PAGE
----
Fifteen Years Ago: October 7, 2006 (Grand Forks, ND). A late Quinnipiac power play goal got the Bobcats within a goal, but the damage had been done by then. T.J. Oshie assisted on all three Jonathan Toews goals (remarkably, the only hat trick of his Fighting Sioux career) and Ryan Duncan had a three point night (1 g, 2 a) in a 4-2 North Dakota victory. UND blew out the Bobcats 6-1 in Friday’s opener despite only one goal from the Oshie-Toews-Duncan (D.O.T.) line.
All-time Series: The two teams have only played four games (the aforementioned October 2006 series in Grand Forks, the 2015 West Regional semifinal, and the 2016 national championship game), with UND sweeping the Bobcats by a combined score of 19-5. Three of the four contests were played in the state of North Dakota.
Game News and Notes
Quinnipiac has competed at the Division I level since the 1999-2000 season; that was the year UND won its seventh national championship. UND’s Connor Ford (1-3-4 in two games) and Brady Ferner (1-0-1 in four games) have faced the Bobcats before with their previous teams. Friday’s game will be QU’s first home game of the season; over the past two seasons, Rand Pecknold’s squad went 24-9-0 at Frank Perrotti, Jr. Arena (3,386). The Bobcats have outshot their three opponents 100-52. North Dakota netminder Zach Driscoll has eleven career shutouts.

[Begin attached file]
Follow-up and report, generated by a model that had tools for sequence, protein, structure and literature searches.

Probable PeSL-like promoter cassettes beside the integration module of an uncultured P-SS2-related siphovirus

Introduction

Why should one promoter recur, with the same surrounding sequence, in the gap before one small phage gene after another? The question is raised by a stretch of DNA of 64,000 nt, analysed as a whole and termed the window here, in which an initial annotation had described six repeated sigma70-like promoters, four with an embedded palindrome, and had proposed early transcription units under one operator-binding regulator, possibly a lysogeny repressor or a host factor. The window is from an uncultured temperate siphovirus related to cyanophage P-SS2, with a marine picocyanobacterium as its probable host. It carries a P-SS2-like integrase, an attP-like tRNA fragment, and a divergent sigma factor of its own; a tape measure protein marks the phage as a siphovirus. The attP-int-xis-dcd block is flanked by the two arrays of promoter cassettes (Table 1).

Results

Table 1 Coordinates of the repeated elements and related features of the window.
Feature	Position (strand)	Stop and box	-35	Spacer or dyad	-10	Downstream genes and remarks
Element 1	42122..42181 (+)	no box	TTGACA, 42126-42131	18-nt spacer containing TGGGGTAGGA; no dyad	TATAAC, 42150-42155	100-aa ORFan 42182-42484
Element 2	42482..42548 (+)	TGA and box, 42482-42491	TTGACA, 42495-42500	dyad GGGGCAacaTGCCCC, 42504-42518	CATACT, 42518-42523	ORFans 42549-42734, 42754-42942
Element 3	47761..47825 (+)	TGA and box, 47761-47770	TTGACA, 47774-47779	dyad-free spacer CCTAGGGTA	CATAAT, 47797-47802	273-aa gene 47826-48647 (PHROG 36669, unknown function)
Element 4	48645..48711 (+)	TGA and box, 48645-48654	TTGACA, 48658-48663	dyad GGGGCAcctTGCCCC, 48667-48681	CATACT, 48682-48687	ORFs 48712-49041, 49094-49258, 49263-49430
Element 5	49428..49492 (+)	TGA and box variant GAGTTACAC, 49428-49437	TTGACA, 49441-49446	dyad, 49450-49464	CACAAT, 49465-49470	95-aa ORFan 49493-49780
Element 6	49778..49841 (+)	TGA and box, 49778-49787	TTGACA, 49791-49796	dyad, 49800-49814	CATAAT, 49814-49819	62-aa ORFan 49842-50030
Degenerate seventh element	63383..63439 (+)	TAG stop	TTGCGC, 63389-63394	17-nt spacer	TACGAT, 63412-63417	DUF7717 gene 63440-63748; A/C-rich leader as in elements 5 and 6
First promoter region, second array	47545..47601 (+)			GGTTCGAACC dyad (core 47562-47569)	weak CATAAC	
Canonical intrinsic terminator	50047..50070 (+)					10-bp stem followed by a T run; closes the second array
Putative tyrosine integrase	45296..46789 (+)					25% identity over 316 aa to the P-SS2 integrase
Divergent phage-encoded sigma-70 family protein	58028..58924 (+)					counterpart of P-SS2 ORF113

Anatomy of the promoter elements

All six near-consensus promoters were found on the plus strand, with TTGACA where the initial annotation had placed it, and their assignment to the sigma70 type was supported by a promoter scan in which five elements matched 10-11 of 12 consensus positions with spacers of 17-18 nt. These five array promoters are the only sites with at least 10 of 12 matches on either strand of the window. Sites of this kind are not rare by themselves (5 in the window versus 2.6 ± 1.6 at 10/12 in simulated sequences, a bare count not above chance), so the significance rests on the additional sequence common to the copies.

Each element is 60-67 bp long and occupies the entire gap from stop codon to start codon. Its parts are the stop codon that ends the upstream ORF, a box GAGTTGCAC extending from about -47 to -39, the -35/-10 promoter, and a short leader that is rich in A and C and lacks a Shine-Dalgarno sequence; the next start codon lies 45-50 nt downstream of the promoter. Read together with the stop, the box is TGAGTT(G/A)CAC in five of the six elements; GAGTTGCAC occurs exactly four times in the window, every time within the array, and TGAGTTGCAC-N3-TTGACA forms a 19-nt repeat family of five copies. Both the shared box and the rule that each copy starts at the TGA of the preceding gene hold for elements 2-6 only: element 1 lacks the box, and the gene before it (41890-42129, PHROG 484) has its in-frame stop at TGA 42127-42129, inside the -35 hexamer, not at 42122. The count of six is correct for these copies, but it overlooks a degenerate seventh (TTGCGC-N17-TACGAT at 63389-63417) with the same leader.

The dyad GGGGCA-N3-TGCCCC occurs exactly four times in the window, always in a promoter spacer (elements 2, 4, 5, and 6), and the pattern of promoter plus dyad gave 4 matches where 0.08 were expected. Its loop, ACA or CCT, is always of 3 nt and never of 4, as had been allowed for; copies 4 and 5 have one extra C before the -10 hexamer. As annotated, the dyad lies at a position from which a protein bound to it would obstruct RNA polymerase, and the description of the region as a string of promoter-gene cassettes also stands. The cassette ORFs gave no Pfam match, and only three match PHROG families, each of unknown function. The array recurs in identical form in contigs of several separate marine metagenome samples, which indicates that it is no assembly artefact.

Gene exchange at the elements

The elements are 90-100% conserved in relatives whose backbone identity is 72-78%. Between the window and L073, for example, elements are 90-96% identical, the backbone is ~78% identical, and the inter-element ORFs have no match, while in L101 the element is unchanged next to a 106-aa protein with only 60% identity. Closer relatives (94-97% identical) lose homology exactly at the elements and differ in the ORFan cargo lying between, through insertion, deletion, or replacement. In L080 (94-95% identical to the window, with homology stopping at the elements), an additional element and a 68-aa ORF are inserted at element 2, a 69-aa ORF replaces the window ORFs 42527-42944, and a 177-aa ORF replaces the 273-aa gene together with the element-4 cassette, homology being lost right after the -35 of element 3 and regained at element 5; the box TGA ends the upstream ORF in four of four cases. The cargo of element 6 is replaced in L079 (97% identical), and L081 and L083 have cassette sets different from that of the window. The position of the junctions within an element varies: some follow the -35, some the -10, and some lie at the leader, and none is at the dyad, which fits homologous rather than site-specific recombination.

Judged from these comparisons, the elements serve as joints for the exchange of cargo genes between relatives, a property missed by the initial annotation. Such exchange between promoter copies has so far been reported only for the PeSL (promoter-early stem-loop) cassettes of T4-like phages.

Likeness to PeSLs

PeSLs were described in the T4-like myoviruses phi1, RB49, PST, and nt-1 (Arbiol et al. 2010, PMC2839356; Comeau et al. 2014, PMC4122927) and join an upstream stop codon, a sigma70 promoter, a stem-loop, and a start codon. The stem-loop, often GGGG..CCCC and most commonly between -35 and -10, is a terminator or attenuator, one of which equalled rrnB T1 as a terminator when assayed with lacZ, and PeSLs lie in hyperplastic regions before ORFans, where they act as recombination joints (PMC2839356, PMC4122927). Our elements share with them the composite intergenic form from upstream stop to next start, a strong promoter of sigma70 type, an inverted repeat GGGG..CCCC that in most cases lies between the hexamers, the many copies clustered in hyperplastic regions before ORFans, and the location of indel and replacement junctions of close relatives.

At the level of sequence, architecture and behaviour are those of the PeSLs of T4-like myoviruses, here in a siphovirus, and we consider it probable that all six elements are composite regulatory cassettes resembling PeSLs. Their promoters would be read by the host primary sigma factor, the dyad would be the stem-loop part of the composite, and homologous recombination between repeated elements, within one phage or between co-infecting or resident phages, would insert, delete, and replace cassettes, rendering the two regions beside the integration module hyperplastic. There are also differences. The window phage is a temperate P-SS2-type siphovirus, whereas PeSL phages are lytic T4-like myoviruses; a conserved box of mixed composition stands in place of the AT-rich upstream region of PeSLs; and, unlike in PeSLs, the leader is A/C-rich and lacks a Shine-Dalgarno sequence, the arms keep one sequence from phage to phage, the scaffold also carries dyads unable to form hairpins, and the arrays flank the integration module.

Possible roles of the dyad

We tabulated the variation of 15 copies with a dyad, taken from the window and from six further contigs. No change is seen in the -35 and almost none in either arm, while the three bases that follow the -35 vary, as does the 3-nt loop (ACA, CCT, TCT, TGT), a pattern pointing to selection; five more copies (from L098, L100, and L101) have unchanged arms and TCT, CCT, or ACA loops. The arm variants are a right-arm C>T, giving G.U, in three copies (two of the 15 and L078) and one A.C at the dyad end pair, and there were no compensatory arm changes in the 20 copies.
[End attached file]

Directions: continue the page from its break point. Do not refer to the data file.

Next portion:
Both games this weekend will be available on ESPN+ (a subscription is required). All UND men’s hockey games, home and away, can be heard on stations across the UND Sports Home of Economy Radio Network as well as through the iHeart Radio app.
Keep up with the action live during all UND hockey games by following @UNDmhockey and @UNDInsider on Twitter. Fans can also read the action via Brad Schlossman’s live chat on the Grand Forks Herald website.
North Dakota fans should keep one thing in mind headed into this weekend: “Past performance is not an indication of future results.” That is to say, this year’s version of the Green and White is still experiencing some growing pains as line combinations get sorted out and defensive zone coverage improves. I see this as a split, with Brad Berry making some critical adjustments before Saturday’s rematch. QU 3-2, UND 4-1.
As always, thank you for reading. I welcome your questions, comments, and suggestions. Follow me on Twitter (@DBergerHockey) for more information and insight. Here’s to hockey!